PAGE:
Sweet Honey Nights.
Sweet Honey Nights I spent many years Trying to understand my mother And I am sure she tried even harder To understand me--her youngest daughter We were so alike, and yet so different A powerful river of determination Ran in our blood When she wanted something Mama sure went for it I do the same! And I remember it was great When both of us wanted the same thing But when our wishes differed The storm, the heavy rain of tears, and the pain To this day I remember that well After she died I realised that My mind did not recall Any of the good times The pain and the tears filled my thoughts Soon I knew I had to go back Shake up the bones And try to find the other stories From the bones of memory The grass from her grave was swaying In the wind, whispering a quiet rhythm For a long time I stood and listened Lost to my immediate surroundings Caught up in a time when I was very young More playful and excitable than I am today And then I think I heard a jawbone move I felt my ear starting to itch And I think I heard these words: 'Sweet honey nights, sweet honey nights Winter times in the Eastern Cape Close your eyes, remember the smell And the taste of honey Sweet honey nights, sweet honey nights Smile a little, swallow once and the story is yours'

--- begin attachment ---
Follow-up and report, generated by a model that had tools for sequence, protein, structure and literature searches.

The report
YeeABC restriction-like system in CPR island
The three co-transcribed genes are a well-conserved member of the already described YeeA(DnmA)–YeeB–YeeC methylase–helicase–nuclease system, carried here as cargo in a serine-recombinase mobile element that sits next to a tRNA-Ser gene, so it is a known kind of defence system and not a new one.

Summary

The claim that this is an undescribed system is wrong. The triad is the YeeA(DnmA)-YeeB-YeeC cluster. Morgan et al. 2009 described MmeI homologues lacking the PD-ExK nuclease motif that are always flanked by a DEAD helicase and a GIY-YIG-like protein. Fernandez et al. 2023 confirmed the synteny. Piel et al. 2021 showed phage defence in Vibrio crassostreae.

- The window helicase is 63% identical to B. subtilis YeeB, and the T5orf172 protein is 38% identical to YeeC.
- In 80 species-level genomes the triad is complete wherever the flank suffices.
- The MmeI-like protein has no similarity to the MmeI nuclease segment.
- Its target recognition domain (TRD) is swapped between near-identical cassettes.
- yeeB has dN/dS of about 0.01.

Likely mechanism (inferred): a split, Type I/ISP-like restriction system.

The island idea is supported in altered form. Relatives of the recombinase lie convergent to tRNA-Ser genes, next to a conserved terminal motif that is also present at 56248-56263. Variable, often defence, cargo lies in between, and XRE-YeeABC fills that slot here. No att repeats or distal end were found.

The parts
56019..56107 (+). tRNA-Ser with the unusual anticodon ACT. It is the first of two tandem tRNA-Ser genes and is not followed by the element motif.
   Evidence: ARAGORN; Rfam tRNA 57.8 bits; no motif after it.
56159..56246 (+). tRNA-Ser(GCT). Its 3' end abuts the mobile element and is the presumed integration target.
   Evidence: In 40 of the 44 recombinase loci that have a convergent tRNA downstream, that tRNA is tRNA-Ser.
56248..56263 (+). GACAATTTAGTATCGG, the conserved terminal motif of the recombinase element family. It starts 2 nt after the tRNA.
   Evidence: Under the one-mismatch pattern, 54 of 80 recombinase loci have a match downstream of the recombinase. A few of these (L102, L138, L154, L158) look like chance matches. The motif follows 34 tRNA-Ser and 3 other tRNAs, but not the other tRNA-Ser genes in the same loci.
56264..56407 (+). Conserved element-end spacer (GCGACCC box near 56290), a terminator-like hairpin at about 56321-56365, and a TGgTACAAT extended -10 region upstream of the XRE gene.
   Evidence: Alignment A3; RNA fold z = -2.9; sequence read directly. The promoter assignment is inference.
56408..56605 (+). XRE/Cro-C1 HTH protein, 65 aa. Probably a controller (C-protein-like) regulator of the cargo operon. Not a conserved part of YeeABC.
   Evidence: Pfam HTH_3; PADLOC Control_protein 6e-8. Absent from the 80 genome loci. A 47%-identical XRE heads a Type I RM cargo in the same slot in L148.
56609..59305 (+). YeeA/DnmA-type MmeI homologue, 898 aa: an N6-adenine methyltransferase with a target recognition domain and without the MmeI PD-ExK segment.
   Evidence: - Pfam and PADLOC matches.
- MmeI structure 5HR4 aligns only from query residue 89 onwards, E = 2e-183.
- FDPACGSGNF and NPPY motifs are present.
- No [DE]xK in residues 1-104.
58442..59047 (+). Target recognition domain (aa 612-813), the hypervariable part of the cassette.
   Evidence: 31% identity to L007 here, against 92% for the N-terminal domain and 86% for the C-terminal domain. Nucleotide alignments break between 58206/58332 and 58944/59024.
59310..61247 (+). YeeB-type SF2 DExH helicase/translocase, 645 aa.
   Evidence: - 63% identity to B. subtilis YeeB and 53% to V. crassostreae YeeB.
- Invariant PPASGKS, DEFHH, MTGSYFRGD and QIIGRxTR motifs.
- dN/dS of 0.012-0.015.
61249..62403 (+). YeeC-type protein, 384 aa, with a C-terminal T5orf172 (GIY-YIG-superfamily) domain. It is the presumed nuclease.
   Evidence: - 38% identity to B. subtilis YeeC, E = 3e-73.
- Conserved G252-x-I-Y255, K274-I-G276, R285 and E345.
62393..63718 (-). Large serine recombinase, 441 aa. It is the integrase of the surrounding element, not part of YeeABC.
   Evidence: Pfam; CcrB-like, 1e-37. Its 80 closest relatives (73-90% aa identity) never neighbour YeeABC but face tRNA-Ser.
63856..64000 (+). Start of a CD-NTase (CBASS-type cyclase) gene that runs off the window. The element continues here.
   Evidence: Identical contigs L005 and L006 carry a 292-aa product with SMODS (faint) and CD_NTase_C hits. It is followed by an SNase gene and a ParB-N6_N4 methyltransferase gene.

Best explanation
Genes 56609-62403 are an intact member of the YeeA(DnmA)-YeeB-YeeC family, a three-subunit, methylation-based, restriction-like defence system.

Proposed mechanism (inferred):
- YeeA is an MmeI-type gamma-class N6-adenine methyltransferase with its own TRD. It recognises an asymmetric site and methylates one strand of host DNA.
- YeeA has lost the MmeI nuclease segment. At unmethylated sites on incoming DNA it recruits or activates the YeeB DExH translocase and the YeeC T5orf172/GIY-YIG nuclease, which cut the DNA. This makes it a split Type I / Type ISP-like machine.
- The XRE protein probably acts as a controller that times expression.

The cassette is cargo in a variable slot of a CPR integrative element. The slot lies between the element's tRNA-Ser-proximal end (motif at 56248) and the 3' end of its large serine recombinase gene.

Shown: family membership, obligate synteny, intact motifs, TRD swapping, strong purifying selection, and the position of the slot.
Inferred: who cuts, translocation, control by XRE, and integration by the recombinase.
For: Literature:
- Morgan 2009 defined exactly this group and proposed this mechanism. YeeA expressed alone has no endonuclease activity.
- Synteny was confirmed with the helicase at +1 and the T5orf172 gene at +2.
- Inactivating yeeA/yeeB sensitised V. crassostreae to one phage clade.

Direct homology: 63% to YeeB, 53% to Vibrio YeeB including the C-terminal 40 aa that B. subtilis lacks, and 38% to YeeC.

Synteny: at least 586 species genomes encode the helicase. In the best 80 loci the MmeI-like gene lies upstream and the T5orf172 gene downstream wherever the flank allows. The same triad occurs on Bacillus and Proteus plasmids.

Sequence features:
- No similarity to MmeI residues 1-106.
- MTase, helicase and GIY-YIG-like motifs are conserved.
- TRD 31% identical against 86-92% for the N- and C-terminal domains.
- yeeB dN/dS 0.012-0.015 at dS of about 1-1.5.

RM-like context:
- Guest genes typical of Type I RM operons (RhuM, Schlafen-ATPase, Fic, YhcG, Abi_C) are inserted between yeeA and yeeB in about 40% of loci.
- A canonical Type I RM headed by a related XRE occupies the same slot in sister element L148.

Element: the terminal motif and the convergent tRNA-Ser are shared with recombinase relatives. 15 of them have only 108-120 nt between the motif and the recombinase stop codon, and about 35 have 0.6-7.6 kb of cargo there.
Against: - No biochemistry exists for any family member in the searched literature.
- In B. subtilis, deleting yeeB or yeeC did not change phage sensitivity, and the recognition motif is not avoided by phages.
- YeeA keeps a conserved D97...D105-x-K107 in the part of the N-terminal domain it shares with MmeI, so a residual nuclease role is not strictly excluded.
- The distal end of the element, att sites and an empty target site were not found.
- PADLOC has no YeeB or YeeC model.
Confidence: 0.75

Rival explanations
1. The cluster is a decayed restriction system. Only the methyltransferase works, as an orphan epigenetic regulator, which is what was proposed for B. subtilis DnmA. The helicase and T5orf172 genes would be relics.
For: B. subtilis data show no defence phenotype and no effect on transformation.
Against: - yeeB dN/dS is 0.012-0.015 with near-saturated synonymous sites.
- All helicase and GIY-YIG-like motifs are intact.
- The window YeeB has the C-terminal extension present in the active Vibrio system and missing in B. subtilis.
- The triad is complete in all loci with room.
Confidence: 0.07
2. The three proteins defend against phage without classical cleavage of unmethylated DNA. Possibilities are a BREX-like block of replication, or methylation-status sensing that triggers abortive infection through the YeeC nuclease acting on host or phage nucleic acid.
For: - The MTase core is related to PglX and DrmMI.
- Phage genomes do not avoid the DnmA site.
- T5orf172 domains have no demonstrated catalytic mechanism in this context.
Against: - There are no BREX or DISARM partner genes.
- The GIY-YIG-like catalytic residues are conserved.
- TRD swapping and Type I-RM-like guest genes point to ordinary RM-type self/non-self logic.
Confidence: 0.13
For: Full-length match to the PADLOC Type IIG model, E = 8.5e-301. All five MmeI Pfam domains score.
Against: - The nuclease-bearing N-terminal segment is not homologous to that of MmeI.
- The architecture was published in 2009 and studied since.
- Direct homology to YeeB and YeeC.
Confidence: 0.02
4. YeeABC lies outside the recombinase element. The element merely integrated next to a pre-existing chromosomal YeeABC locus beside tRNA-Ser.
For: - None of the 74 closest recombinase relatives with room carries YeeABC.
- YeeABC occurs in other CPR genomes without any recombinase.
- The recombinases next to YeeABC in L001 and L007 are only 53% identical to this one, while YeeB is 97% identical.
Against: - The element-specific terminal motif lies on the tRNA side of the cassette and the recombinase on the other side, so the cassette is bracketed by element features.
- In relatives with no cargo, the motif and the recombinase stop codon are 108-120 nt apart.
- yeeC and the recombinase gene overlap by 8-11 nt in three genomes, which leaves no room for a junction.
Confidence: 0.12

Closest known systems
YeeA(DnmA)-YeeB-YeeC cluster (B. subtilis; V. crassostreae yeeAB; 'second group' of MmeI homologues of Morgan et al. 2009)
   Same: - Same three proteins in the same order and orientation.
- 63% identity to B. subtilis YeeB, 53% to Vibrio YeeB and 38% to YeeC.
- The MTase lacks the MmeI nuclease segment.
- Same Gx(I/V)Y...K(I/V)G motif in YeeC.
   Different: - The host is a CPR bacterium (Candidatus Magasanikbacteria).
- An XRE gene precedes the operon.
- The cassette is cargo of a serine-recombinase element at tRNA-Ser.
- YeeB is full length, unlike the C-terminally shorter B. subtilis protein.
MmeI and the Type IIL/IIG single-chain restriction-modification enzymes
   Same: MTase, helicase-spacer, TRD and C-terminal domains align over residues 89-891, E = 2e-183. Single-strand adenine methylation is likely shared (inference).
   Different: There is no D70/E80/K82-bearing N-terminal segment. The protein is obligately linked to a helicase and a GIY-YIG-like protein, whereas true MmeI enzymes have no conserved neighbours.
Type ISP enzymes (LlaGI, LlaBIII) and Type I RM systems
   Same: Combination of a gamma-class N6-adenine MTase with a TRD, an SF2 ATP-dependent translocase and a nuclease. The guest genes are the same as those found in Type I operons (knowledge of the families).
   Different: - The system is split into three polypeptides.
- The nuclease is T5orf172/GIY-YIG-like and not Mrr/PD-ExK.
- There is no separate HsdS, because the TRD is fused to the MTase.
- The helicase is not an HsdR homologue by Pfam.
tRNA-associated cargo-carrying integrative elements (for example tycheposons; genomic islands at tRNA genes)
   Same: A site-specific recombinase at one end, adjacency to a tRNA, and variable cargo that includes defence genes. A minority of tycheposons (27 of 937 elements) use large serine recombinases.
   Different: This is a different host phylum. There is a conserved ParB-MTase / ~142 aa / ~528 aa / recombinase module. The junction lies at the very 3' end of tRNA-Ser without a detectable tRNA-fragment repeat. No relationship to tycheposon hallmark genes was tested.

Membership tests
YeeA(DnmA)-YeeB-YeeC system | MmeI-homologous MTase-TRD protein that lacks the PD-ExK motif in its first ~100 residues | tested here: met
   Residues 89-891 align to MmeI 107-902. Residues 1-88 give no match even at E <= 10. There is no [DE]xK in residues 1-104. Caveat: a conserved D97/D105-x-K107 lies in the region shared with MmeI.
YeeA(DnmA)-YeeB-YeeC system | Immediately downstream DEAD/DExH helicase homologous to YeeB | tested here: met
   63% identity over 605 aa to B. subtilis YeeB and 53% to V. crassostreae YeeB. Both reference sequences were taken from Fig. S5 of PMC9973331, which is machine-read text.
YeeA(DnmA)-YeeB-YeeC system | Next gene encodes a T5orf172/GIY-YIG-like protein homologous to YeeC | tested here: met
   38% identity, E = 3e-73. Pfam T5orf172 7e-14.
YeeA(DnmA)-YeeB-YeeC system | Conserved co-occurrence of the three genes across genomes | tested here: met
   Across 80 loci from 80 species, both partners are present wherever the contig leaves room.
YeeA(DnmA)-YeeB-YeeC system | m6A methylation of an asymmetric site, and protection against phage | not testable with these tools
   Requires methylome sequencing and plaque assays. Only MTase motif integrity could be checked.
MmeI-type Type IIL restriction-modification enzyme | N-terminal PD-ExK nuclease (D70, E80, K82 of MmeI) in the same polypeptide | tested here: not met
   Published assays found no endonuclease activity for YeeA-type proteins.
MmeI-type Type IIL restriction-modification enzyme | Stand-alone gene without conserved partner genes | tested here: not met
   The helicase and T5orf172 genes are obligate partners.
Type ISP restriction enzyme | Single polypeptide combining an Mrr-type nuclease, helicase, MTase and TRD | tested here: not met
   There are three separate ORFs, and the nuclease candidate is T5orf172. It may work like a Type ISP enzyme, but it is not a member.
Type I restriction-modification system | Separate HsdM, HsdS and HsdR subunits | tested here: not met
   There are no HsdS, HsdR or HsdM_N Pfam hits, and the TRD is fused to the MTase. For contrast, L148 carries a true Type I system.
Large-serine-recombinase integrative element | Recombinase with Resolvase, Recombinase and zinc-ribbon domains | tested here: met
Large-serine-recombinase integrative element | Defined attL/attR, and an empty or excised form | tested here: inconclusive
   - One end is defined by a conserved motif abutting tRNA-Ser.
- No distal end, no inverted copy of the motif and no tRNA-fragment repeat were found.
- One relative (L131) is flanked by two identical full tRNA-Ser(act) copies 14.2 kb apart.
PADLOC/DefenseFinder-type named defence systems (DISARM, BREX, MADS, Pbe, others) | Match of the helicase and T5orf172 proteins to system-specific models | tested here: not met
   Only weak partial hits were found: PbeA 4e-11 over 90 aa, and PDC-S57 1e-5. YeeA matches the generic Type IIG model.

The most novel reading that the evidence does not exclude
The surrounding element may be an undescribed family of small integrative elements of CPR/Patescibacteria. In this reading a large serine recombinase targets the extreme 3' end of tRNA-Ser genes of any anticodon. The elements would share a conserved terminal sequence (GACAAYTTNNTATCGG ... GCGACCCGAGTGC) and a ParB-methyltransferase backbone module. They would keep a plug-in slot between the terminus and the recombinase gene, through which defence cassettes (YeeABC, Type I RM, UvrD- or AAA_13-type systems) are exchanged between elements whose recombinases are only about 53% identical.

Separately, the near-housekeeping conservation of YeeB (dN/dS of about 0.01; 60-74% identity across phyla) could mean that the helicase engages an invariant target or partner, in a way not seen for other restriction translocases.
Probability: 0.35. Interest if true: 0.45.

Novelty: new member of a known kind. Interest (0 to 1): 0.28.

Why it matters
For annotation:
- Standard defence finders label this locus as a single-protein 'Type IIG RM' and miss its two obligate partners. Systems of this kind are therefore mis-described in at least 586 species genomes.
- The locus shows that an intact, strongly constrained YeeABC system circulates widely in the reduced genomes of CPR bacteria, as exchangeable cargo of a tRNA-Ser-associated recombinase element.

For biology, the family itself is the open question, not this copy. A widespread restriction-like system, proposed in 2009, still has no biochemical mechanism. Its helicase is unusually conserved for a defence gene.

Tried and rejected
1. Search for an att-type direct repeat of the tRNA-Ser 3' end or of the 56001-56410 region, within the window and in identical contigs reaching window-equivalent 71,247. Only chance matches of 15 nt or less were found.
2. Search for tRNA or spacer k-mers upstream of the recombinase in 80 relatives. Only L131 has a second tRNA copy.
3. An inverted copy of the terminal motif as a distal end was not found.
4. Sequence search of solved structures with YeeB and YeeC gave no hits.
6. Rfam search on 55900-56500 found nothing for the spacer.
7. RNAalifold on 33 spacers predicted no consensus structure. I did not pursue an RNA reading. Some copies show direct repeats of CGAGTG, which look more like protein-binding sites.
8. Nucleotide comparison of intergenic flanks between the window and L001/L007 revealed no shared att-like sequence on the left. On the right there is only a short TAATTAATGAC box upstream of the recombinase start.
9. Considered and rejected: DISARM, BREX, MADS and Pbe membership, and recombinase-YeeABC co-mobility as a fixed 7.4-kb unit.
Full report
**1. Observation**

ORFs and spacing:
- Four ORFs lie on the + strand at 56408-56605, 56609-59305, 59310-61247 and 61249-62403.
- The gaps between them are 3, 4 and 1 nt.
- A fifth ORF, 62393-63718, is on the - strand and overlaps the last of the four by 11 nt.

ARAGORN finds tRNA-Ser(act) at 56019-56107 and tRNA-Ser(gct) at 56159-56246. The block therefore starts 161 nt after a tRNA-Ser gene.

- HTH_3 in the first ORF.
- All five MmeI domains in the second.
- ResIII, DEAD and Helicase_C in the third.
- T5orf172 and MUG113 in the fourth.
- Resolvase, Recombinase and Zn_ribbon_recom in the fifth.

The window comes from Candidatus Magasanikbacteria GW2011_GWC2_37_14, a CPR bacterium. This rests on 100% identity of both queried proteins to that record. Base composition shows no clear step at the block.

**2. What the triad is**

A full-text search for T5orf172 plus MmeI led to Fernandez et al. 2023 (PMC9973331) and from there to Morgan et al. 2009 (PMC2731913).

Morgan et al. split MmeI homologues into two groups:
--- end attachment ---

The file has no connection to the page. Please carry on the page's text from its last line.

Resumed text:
In her anthology Love Child, a combination of poems and narrative, Gcina Mhlophe shares her personal journey through the social and political landscapes of the 1980s, and her development as a writer, playwright and performer. For many years now she has been South Africa's favourite storyteller. In 'Sweet Honey Nights' remembers her mother bringing a bucket of honey from the forest to the warm thatch hut where she and her siblings were resting on sheepskin rugs after a delirious and filling supper. 'Wide eyed and full of anticipation we suddenly felt our stomachs making space for what was to come,' she writes, and while the winter wind howled outside, Gcina felt like she was in heaven, 'savouring our sweet honey night."
Gcina concludes this story saying that one needs to have sweet memories such as these in the difficult and violent times we are living in. "Working so much with young people as I do, I keep trying to add my own share of sweetness; little mouthfuls of honey, one spoon at a time.."
--Love Child, University of Natal Press, 2002
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|Date:||Jan 1, 2003|
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